Tony: Shitty, thanks. Who the hell are all these people in my house?
BFN: That's the new PC Staff, Tony. The "kindler, gentler" PC Staff.
Tony: Ah, quit jerking my tail. Those bastards kicked my ass out. I don't know about your Peace Corps. You know, I used to have a reason to go outside, but then they cut my balls off. Now, I'd just as soon stay inside and relax, but they don't want me around. Do you have any idea what it's like to have your balls cut off?
BFN: Why do you think they kicked you out, Tony?
Tony: I dunno, but I was pretty close to the volunteers, and I think they felt threatened by that. Plus, sometimes I like to lick myself and I don't much care who's around.
BFN: So what will you do now?
Tony: I'll probably go to Spain for a while and chill out. Maybe work on my memoirs. I see it as a sort of an expose, like Patti Davis' book about Ron and Nancy. You see, I know all the secrets. I can bring that place down if I decide to. They'll rue the day they ever messed with the genitals of Tony the Cat.

Contest Entry
Dear Curmudgeon Newsletter (BlackFlag) Contest.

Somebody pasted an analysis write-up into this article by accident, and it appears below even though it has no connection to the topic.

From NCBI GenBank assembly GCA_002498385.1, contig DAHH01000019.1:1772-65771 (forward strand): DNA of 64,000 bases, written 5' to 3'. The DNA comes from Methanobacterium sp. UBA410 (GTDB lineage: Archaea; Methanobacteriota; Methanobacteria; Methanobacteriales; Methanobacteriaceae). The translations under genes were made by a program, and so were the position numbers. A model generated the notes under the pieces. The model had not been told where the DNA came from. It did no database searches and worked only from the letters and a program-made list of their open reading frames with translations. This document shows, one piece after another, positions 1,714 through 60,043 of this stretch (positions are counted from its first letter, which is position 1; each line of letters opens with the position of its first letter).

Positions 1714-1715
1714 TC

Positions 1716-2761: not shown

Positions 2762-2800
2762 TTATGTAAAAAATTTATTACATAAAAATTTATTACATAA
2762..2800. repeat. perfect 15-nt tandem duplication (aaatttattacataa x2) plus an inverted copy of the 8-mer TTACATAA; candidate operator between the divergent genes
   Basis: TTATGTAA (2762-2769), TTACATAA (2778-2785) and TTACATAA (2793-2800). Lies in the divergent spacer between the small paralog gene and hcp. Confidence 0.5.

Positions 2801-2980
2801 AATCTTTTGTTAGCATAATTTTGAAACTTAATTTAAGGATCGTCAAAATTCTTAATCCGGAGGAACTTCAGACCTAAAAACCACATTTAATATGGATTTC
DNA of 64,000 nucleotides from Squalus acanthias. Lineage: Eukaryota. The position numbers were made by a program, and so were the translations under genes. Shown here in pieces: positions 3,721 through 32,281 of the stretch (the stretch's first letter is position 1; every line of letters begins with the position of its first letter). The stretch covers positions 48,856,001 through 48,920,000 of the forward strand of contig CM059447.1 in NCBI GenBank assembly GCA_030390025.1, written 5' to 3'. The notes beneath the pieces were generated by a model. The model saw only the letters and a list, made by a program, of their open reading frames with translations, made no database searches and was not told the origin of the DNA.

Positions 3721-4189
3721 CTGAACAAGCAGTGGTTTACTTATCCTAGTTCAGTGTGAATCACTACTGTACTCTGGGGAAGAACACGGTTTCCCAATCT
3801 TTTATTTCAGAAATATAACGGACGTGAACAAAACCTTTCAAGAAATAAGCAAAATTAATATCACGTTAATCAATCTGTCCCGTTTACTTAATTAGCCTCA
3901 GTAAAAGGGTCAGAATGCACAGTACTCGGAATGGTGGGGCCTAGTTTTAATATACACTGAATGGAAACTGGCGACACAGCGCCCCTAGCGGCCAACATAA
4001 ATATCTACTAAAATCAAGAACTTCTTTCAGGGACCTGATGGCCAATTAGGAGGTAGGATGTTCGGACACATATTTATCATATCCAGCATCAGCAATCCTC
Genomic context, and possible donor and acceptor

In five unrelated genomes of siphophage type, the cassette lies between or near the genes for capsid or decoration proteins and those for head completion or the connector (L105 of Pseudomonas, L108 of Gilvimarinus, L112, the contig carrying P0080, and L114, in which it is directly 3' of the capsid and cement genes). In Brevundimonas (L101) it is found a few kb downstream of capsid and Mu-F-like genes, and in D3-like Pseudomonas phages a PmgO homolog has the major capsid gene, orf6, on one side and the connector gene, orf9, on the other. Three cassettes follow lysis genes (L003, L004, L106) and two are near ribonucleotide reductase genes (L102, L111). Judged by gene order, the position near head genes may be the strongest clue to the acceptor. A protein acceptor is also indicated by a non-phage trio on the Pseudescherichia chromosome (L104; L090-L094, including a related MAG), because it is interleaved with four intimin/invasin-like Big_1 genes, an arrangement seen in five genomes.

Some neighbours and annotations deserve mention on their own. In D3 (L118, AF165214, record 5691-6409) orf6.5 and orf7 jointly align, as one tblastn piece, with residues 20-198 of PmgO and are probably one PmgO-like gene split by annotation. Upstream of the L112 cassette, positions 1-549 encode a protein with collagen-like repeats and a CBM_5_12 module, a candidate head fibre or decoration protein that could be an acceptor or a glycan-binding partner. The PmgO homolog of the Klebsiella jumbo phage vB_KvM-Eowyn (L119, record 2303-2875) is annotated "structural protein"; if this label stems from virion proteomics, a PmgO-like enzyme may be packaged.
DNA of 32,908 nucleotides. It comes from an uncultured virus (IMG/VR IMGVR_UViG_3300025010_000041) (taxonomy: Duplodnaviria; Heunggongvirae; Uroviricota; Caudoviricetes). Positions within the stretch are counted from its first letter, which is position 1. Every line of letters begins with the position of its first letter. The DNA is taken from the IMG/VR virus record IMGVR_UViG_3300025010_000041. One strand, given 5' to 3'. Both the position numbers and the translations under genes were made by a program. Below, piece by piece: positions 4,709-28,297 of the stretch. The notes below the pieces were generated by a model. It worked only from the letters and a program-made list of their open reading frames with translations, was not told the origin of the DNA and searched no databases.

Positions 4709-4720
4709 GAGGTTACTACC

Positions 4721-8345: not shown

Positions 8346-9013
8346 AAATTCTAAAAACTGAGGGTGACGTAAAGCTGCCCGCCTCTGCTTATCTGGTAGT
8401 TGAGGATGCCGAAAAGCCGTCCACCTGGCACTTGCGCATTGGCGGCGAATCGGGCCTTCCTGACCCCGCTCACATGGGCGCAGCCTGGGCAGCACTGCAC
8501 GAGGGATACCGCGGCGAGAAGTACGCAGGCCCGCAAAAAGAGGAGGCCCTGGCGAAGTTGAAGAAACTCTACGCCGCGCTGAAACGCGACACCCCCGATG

As I am not, in your own words, a "flaming liberal from a small, Northeastern college", but rather a "moderate, liberal from a small, Western arts college", I am assuming I don't have to follow your profound advice to just SHUT UP. (See, we're everywhere-but don't fret, I think this will be good for your readership.)

Foremost, I am hesitant to refer to ex-Soviet countries as Socialist. The Soviet Union was a "command economy", starkly different from the "managed capitalism" which the socialists are currently championing across Europe and the U.S. If the New Yorker is searching for an adjective to describe communism, then why not "non-fastidiously satiated". For communism might not have provided its citizens with a choice of 57 types of bread (which they can't afford now anyway), but its provision of lackluster white bread tended to satiate the hungers of the "old fossils" who we currently see peddling everything from boys briefs to bananas in major Baltic cities.

However, for all its vaulted egalitarianism, I am the first to agree that the communist social contract is pathetically pedestrian. Having tasted the good-life, I'm sure most of us would prefer to be "pretentiously satiated" so long as it did not adversely affect other societal members. Since most SEDs have an economic erudition, I'm sure they are cognizant that Keynes solved this distribution dilemma fifty years ago. The solution - don't divide up the pie, make it bigger!

The Baltic States have gone Laissez-faire gag-gag, and a retraction towards liberal economic policies is the only way to increase the pie (ie. generous social programs). If the Baltic States continue on such a conservative path, a much more important institution might be lost - Democracy. You can have bread without freedom, but you can only have ephemeral freedom without bread.
- The Left SED